In future the best way to prevent this error are to follow these two steps.

1.) Make sure column names are fully descriptive. This way the links between should be obvious. See Step 2.

2.) Try and do a join between the two tables. The error I was getting was me trying to link two columns that could not be linked. It might be useful if SQL could tell me that, but it didn’t and perhaps can’t. The confusion arose from there being two IDs, and I was referring to the wrong one. Now, there should only ever be one ID but at the moment with some of my database tables, one ID points to a SharePoint List Item, and the other to a row in the database. The work I’m doing at the moment is to try and get rid of the links between SharePoint and the database so normality can resume.

 

Publishing an MVC site to load balanced servers

The purpose of this post is just a few notes to remind me of the steps I followed yesterday when publishing an MVC site to our load balanced servers.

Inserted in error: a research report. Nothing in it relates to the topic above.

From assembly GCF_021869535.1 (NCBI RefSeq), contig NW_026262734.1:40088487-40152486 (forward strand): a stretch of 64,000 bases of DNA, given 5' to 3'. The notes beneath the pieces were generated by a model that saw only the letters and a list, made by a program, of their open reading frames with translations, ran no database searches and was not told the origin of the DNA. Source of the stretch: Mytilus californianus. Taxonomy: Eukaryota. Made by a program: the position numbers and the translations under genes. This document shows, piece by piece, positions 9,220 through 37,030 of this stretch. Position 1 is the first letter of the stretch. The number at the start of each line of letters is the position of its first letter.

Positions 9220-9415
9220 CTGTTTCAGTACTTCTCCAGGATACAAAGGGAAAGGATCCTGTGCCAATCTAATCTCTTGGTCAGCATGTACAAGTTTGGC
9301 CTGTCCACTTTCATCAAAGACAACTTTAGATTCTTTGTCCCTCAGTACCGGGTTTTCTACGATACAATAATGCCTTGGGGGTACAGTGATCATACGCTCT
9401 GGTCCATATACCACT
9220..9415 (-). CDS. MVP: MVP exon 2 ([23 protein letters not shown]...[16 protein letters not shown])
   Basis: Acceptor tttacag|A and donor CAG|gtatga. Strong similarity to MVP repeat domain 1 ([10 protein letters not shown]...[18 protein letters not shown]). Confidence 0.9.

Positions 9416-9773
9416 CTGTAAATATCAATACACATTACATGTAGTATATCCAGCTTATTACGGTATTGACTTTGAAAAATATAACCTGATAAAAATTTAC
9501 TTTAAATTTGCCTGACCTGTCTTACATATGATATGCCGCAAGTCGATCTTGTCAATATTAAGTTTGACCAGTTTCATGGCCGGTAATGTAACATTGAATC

We have three web servers and our hosting company controls the load balancing for us. So, it’s possible that some of the solutions that worked for me might not work for you.

When I first created the website I simply had one simple html page. Checking this page in a browser at first worked but after a refresh showed a 500 error, which took me by surprise. I refreshed the page several times, sometimes it would display, other times the 500 error was shown. The problem here was permissions. Using IIS on one of the servers I went to the site, clicked on Advanced Settings and added the correct account in the Physical Path Credentials. Now, anonymous users coming to this site use this account’s permissions as a proxy. That last sentence sounds complicated but it explains (at least to me) why this step needed to be taken.